Build & maintain complex distributed systems
October 1–2, 2017: Training
October 2–4, 2017: Tutorials & Conference
New York, NY

In-Person Training
Let’s Go! Using the Go programming language for system tasks

Michael Hausenblas (Red Hat)
Sunday, October 1 & Monday, October 2, 9:00am - 5:00pm
Location: Morgan Level: Beginner
See pricing & packages
Early Price ends August 17

This course will sell out—sign up today!

Participants should plan to attend both days of this 2-day training course. Training passes do not include access to tutorials on Monday.

On day 1 of this training you will learn Go from scratch and on the second day understand how to use it for system tasks such as batch file operations, container inspection or access control automation as well as apply the knowledge in your own project.

What you'll learn, and how you can apply it

Learn Go, understand when to use it (and when not) and being able to apply best practices for system tasks.

This training is for you because...

You are a sysadmin, DevOps engineer, or developer who manages infrastructure and want to have an effective and reliable tool at your disposal to automate parts of your daily work.


A basic familiarity with the command line is required, knowing a programming language is a plus.

Hardware and/or installation requirements:

You will need a laptop and having a GitHub account is beneficial but not strictly required.

In the past couple of years, Go has established itself as a popular language for systems programming, services, and tools. More and more people use Go nowadays for tasks that would traditionally have been solved using Python or Ruby. Many system’s tools, for example container technologies like Docker & Kubernetes, are also developed in Go.

Go produces statically linked binaries across the major operating systems (Linux, Windows, macOS) and platforms (x86, AMD, ARM, etc.) and comes with a powerful standard library providing you with everything you need, from networking to security to filesystem operations.

Day 1

The first day provides an introduction to the Go programming language and its ecosystem:

  • Why Go? History and philosophy of Go
  • Tooling (building, testing, dependency management)
  • Language features by example
  • Advanced Go programming (concurrency, databases, etc.)
  • Good practices (idiomatic Go, limitations)
  • Go and containers

Day 2

Part 1 – review of tools written in Go

During the first half day we carry out code reviews of a couple of tools written in Go. Each of the codebases we review provides a deep-dive into certain aspects of system tasks such as dealing with the filesystem, containers, cloud providers, and provisioning and provides concrete examples around error handling, logging, configuration management and CLI apps (how to implement commands, etc). The code reviews help you understand how to go about common tasks and also serve as applied best practices:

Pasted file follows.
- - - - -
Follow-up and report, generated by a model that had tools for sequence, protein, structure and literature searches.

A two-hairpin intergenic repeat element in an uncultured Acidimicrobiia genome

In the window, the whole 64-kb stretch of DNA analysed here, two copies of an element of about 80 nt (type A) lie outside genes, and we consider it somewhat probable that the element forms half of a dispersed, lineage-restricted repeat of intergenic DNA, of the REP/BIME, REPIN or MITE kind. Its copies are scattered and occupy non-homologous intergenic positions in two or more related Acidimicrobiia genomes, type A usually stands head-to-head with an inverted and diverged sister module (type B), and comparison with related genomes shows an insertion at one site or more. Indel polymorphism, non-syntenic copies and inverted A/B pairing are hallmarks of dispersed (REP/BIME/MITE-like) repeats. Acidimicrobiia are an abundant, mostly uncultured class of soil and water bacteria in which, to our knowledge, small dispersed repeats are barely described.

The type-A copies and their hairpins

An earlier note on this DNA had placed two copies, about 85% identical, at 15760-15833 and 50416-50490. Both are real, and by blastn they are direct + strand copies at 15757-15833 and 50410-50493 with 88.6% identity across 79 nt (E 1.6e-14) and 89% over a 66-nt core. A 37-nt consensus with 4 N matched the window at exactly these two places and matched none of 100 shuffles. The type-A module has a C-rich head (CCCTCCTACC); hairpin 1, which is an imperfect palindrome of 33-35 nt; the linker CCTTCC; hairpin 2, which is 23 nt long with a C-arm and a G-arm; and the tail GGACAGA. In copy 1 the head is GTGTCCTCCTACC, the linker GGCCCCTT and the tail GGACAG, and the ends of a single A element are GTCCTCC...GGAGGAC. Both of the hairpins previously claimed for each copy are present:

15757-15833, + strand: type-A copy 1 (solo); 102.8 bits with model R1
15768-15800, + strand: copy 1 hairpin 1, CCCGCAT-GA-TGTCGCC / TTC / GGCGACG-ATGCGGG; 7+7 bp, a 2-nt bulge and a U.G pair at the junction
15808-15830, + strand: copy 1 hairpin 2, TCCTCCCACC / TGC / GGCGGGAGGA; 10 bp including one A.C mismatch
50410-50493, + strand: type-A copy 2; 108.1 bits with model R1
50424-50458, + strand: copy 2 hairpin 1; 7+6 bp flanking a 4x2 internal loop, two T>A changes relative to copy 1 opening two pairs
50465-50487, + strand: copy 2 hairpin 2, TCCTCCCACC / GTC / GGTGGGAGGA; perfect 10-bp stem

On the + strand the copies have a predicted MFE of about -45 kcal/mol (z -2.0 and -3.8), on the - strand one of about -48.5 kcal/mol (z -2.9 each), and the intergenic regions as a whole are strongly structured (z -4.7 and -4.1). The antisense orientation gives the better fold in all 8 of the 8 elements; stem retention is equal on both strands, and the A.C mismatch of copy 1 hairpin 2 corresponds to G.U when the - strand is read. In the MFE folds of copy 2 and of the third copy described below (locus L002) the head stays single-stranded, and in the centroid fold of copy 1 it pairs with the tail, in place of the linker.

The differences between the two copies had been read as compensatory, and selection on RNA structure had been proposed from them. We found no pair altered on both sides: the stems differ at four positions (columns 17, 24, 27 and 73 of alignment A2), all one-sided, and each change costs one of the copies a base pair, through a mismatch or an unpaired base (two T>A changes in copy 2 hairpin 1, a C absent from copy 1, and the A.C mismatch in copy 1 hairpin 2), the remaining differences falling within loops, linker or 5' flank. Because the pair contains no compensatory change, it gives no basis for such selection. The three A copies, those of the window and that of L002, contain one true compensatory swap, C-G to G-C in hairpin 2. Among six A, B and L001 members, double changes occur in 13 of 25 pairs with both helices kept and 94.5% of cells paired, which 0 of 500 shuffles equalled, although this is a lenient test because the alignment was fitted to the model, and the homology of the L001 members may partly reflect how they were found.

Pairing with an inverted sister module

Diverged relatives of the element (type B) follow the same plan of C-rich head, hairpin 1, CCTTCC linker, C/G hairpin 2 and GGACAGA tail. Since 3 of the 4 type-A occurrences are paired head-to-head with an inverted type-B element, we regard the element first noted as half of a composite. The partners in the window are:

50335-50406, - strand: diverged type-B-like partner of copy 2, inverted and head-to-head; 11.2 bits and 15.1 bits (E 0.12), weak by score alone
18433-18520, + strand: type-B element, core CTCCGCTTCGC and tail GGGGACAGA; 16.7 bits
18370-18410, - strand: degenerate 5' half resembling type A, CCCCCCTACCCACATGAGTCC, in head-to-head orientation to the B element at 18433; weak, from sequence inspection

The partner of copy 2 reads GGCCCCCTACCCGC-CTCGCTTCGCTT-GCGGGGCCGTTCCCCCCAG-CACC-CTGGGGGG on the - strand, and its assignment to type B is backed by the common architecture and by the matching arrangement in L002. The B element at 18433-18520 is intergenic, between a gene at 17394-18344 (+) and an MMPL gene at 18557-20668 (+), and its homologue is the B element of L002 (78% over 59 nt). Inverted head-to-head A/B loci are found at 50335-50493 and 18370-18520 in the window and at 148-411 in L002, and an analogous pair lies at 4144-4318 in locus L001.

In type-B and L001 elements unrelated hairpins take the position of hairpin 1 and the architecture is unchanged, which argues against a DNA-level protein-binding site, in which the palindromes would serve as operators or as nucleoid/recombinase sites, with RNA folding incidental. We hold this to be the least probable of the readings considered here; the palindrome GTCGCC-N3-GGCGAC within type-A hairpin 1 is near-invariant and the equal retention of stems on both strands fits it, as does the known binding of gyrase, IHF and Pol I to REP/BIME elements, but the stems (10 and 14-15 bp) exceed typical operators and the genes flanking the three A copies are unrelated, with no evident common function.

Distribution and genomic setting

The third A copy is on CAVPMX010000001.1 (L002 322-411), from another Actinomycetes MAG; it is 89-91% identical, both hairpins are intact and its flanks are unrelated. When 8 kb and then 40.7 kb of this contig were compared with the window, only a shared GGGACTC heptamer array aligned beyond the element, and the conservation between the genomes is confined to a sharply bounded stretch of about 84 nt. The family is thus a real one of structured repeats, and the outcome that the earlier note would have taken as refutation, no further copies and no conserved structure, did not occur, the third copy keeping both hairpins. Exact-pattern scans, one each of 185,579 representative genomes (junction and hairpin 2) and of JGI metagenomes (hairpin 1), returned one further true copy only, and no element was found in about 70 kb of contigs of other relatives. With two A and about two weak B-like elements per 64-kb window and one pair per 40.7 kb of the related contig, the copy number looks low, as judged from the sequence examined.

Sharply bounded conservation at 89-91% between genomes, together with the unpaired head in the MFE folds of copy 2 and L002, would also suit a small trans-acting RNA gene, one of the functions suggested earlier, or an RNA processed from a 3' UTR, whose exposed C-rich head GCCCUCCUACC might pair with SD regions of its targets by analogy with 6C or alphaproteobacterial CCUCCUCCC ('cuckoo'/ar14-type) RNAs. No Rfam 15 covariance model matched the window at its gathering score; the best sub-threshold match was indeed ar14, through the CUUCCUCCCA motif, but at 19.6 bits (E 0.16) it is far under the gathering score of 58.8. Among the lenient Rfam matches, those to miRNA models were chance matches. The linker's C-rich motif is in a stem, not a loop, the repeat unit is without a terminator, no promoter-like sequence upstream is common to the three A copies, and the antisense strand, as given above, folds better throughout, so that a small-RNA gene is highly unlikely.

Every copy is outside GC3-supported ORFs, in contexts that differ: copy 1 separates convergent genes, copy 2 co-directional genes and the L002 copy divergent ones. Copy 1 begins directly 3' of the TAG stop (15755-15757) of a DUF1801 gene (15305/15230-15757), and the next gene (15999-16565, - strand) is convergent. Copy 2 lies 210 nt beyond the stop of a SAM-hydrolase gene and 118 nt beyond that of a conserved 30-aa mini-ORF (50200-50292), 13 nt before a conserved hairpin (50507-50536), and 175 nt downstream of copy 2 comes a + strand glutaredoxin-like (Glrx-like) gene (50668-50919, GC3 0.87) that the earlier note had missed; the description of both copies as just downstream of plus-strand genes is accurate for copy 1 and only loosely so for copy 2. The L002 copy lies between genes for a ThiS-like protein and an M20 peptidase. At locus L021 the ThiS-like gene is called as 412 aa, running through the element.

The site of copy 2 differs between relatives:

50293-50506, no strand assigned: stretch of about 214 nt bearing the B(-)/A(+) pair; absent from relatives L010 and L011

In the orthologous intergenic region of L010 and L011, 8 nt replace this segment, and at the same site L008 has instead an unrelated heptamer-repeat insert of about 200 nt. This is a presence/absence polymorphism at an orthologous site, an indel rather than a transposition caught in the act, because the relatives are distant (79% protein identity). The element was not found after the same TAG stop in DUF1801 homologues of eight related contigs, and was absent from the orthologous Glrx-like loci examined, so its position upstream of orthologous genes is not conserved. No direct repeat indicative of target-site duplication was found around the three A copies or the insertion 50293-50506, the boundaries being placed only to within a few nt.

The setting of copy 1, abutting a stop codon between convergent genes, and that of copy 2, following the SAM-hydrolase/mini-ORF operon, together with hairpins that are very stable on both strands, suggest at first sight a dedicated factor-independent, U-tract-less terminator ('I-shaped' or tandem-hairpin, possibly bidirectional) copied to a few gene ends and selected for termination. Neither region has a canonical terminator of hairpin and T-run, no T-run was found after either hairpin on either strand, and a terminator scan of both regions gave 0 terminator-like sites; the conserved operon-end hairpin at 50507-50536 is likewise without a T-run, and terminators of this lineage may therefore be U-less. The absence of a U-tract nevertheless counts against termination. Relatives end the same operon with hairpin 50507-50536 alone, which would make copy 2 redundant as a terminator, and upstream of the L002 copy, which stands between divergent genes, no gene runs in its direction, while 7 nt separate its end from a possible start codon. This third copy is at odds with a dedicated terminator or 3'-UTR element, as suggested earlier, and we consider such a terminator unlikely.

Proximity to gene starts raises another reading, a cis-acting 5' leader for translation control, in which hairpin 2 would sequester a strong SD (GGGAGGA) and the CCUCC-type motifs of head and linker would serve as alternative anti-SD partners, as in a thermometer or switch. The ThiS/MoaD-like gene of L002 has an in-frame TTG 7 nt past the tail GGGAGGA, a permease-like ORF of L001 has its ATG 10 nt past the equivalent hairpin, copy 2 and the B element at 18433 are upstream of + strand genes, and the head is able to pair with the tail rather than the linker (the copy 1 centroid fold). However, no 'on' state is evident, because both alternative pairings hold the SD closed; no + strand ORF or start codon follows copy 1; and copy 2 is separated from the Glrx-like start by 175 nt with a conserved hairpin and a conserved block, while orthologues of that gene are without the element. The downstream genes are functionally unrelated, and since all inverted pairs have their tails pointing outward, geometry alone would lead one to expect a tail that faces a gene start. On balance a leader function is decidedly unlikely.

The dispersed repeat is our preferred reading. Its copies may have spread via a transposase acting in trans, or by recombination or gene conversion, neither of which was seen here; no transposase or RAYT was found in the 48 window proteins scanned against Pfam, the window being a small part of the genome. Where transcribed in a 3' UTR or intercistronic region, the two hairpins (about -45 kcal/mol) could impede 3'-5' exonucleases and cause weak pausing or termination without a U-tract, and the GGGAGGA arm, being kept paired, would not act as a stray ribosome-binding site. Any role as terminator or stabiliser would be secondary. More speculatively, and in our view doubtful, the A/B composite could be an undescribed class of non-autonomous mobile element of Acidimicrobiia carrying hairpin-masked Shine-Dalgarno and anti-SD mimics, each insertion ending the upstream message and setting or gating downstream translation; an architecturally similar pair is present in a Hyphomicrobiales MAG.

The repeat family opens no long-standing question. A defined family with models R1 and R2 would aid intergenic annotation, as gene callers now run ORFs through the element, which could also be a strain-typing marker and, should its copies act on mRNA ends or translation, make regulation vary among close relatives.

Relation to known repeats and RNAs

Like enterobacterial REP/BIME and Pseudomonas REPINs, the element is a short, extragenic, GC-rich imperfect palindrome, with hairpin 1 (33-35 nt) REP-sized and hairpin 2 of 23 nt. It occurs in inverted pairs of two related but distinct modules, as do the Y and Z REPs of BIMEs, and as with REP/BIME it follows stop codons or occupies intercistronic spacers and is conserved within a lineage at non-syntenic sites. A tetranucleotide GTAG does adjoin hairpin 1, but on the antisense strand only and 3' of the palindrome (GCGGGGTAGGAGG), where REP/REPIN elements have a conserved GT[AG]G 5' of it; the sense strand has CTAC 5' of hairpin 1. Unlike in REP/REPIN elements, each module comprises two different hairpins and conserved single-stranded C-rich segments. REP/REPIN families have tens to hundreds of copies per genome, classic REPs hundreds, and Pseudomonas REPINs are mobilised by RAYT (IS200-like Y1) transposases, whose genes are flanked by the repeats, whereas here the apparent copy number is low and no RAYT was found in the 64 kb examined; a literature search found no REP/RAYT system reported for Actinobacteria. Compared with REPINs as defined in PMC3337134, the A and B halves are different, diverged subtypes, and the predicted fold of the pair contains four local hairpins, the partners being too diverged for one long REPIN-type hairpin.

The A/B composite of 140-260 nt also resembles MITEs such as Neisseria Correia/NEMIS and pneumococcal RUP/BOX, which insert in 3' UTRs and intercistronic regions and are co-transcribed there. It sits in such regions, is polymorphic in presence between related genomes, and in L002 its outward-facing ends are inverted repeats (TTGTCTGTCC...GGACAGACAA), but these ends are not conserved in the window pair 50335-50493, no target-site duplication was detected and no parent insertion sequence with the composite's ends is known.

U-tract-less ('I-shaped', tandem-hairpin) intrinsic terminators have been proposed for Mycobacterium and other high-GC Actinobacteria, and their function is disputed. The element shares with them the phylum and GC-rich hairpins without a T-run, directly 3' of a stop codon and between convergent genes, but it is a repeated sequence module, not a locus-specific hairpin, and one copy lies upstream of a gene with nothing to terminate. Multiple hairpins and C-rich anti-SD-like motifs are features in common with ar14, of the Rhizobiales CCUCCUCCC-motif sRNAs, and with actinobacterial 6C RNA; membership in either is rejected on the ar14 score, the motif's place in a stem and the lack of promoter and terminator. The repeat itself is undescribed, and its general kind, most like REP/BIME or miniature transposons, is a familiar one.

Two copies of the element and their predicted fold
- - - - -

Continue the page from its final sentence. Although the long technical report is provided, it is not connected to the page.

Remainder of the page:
Note that it is not about the selected tools we review but about the patterns and packages used.

Part 2 – implement your own tool using Go

In the second half day you will implement your own systems tool in Go, choosing one of the following:

  • You re-implement one of the tools you’ve developed in another language (such as a bash scripts or Python, etc.)
  • You write a tool you will need in the near future from scratch
  • If you don’t have an existing tool you want to migrate or anything planned for the near future, I’ll provide you with suggestions of tools you can tackle

About your instructor

Photo of Michael Hausenblas

Michael is a Developer Advocate for OpenShift and Kubernetes at Red Hat where he helps appops to build and operate distributed services. He shares his experience with distributed systems and large-scale data processing through demos, blog posts and public speaking engagements and contributes to open source software such as OpenShift and Kubernetes. Prior to Red Hat, Michael was a Developer Advocate at Mesosphere, Chief Data Engineer at MapR Technologies, and before that he was a Research Fellow at the National University of Ireland, Galway where he researched into large-scale data integration and the Internet of Things and where he gathered experience in advocacy and standardization (World Wide Web Consortium, IETF).

Twitter for mhausenblas

Conference registration

Get the Platinum pass or the Training pass to add this course to your package. Early Price ends August 17.

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